September 18, 2015 5:45 am

    “Leaders of the movement”,”Lucero/Mountain/Blender started that thing” blablahblah…the chief editor of Jenkem. I know what this poll next to the articles is: Now that the Muska came first, you know you cater to mostly teenagers or sincere 2nd generation skatejocks in their late twenties-early thirties, but you also have a strong following in oldfucks or wannabe-old senior students (hangover). So, the “stale” editing sucks huh? THEN WHY PRAISE IT ALL THE TIME? 80% of videos are edited “stale”, just look at the previous top ten article, I mean fuuuuuuck, is that a marketing strategy?? Just like Thrasher, “skate however the fuck you want, huuuuuurrrrr”, then feature all the stunt clips and/or the frontside noseslide-360 flip-noseblunt shuv-it out lines.

    • I didn't chose the thug life

      September 18, 2015 6:23 am

      I mean that you people are not sincere about this, you just do it to get indy cred, if I can put it in these terms.This is not “avante-gard” skating, this is skateboarding, as much as a kickflip, a natas spin and a crooked grind are and always has been.
      “What’s odd is that, at a certain point, this trick becomes more interesting and more important than an ollie done down the same set by a more athletic skater.” Exactly how? Explain. Not doubting, just tell us why. Why is it more important, if it is important at all? Why juxtapose this jab at seriousness to “athleticism”? You ‘d have to have some time and effort put to getting these sequences down, how is that not athletic in terms of bodily achievement? Are you trying to label it so you can make marketing become easier? I can only understand this if by “athleticism” you want to describe the tendency of the (moguls of) the industry towards more structured events and metrics. Other than that, Thomas, Cole,Hawk, Burnquist, Way, all have been in skate videos. It’s all skateboarding. There is NOT a norm to which the videos in this article are a deviation, the way you presnt them is as if you were caressing those guys’ heads telling them how cute they are.
      And you have a skewed perception of what success is; Is the Welcome-Adidas collab a success for Welcome? Is Fancy Lad’s cred success? Is Mike Carrol detesting the strive for better tricks to a part success?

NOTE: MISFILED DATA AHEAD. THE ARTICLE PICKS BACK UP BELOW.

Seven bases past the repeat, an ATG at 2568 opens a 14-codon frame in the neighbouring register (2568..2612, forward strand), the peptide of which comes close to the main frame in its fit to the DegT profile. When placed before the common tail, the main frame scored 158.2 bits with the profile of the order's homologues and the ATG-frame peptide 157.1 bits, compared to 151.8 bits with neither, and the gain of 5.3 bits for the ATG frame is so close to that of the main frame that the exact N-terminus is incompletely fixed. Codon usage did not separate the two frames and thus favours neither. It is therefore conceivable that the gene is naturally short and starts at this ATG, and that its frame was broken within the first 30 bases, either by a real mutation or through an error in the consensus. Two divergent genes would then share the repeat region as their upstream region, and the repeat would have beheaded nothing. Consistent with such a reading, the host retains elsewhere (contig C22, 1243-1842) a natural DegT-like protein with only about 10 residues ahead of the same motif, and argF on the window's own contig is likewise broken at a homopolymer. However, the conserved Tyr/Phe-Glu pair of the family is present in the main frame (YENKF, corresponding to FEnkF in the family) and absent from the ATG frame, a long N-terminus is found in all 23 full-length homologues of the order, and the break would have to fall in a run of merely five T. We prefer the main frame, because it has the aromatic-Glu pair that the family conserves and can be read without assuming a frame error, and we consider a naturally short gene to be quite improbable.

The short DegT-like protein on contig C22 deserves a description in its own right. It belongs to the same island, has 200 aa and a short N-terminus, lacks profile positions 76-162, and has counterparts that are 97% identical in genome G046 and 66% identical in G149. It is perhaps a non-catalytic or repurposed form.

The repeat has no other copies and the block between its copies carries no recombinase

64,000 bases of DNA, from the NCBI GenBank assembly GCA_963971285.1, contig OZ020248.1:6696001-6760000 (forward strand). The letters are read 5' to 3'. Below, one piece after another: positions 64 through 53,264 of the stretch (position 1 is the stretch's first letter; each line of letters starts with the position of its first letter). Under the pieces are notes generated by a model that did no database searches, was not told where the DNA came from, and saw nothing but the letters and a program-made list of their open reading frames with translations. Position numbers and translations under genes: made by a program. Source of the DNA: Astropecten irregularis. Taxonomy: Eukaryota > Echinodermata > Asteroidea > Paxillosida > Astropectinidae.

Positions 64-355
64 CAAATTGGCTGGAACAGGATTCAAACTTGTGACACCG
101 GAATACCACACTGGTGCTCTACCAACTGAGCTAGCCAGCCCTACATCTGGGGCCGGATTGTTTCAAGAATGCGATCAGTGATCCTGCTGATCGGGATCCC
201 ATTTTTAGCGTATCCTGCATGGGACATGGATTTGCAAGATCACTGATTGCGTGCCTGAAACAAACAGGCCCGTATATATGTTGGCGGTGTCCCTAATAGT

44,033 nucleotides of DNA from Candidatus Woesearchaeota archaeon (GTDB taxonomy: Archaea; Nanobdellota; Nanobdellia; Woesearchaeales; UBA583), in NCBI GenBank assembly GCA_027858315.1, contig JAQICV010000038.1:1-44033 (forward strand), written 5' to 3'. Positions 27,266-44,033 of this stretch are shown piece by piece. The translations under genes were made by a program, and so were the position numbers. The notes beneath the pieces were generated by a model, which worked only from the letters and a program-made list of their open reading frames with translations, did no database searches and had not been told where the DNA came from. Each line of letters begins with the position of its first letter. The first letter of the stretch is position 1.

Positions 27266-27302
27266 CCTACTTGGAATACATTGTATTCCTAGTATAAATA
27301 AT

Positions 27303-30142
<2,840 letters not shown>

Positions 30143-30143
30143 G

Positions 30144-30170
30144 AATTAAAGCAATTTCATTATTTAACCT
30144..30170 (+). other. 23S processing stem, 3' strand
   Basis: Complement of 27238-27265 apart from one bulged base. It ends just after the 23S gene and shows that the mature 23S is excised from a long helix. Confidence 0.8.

• Durrrr pg duurrr

        September 18, 2015 10:25 am

        Pass the crystal pipe

      • Cuntrol Tek

        September 18, 2015 12:18 pm

        Yr mad dum

      • Holland & Ferret

        September 18, 2015 1:25 pm

        Aye yo, chill

      • Shane

        September 18, 2015 1:47 pm

        Bitter keyboard jockies like you are the reason I’d never go into skateboard journalism.

      • Diuretics PG DURP

        September 19, 2015 1:35 am

        No I’m serious… Pass it I wanna
        Hit it !

      • I need some tums

        September 19, 2015 2:00 am

        I see what you’re saying about it being sort of silly or patronizing to comidofy this style of skating like its new. Weirdo skaters have always been around and everyone has a different style of skateboarding just like everyone has a different style of journalism.
        Jenkem is a magazine. They have more than one person writing for them. Surely some are beer-bellied soul skaters and some are tech jock dudes still hanging on to the late 90’s. Fuck it. Skateboarding diverse. Great. Is bitching about it a success?

      • Somenetdouche

        September 23, 2015 3:15 pm

        Exactly how tight is your butthole?

      • Hot Carl

        September 24, 2015 9:36 am

        chill out and go play golf or something.

      • Ryley Hughes

        November 9, 2015 5:11 am

        tell me if I’m wrong, but are you saying having a different style of skating is unsuccessful or stupid? because for those who think yes, and excuse my metaphorical technique, but in a way, you are agreeing that if red apples are more common, and if some apple were green, you’re agreeing that a green apple isn’t really an apple at all and that it is silly or worthless, no?

    • sprechenzedick

      December 11, 2015 10:35 pm

      i totally agree as far as im concerned the athletic obsession of modern skateboarding is about keeping it out of reach so u buy more t shirts

      fancy lad is where its at

  2. toy robot

    September 18, 2015 10:13 am

    Go play football

  3. Snake

    September 18, 2015 10:38 am

    “That’s my prosthetic eye! Uggghhhh!!”

  4. Nine Clubs Greatest

    September 18, 2015 2:27 pm

    This is like a more creative, gayer CKY. Second hand embarrassment from this one. And this is what the mainstream is seeing as skateboarding via Adult Swim? yikes.

    • Beelzebong

      September 19, 2015 4:05 pm

      Really dude? Like it matters how skateboarding is presented to the mainstream at this point? Did you see “We are Blood?” Plus after Life of Sheckster and Justin Bebier’s ugly mug all over youtube have already done skateboarding such poetic justice? No matter how it’s presented, your mom’s never going to get it, and your girlfriend is still going to think you’re gay for wanting to “skate with the bros” instead of servicing her clam for another hour… get over it.

    • Ryley Hughes

      November 9, 2015 5:13 am

      mainstream won’t care, they just take factors out of each group within society, obliviously and with no meaning aha